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Injured B17 mechanic released from hospital as final services begin for victim’s families

ENFIELD — Families are mourning their lost loved ones and trying to sort through their emotions as they continue to wait for answers on what brought down the B-17 at Bradley International Airport just one week ago.

At the Leete-Stevens Enfield Chapels Wednesday, the family and friends of 64-year-old Robert Rubner of Tolland gathered for his services. He worked for Pratt & Whitney for 30 years and leaves behind three brothers, six nieces, three nephews.

It was not the only service held Wednesday.

Services were held 56-year-old David Broderick in Massachusetts. He leaves behind a wife and two children. He worked at Collins Aerospace.

From loss, to survival news broke Wednesday that Collings Foundation mechanic Mitchell Melton was released from Hartford Hospital. More than 300 people have raised over $19,000 for his medical expenses.

A post on the #FightLikeMitch Facebook group reading “Lab results came back perfect and tests were normal.”

His friend Brandi Black spoke to FOX61 from her home in Texas.

“If we ever did anything as a group Mitchell was the first one to the cashier. He was paying the tab he just literally will take the shirt off his back for anybody,” said Black.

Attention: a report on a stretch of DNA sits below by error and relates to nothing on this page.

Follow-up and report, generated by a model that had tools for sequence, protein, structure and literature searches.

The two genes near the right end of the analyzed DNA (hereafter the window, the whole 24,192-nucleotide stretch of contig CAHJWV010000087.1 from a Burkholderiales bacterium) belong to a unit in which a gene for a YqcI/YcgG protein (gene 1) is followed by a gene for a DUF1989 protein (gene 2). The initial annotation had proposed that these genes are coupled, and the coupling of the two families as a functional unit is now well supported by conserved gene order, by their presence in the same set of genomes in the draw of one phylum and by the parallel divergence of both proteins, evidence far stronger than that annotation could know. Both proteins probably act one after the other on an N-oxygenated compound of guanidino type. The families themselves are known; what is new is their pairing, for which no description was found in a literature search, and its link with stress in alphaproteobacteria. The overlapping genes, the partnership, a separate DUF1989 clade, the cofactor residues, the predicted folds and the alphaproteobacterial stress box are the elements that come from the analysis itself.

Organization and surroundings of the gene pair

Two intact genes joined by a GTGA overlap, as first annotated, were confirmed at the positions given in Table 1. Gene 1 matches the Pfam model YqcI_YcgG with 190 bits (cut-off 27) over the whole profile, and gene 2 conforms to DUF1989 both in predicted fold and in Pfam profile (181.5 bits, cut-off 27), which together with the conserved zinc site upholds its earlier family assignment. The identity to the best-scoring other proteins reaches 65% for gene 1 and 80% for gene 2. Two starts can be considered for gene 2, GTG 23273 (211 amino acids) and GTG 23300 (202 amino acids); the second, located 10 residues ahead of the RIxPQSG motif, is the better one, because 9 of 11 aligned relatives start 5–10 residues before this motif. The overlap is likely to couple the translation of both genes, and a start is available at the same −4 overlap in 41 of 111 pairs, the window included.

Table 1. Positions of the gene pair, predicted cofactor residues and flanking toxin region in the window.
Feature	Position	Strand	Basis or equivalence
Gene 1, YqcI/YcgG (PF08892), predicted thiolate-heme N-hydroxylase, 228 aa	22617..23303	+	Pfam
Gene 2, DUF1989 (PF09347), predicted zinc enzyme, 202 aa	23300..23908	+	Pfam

Speaking of shirts, Melton’s friends and family are planning a benefit back in his hometown in November where shirts that say ‘Fear the Beard’ will be worn.

“He told one of his family members that he still had his beard. He was so excited because he was working on that forever. It didn’t get burned and they didn’t have to shave it so when I saw fear the bears we thought yeah we are going with that.”

Calling hours for Robert Riddell of East Granby will be this Friday, while Services for Jim Roberts of Ludlow, MA will be this Sunday. Gary Mazzones family of Broad Brook will celebrate his life on Monday, October 14th.

This, as still new information is uncovered about the history of the ill-fated B17 and it’s use in nuclear testing.

Edward Jazlowiecki is an Attorney & Chemical Engineer who said, “In 1952 it was a specimen for the Nevada proving grounds at White Sands where it was exposed to radiation from three nuclear blasts. The plane was so hot from radiation that they could not touch it for 13 years.”

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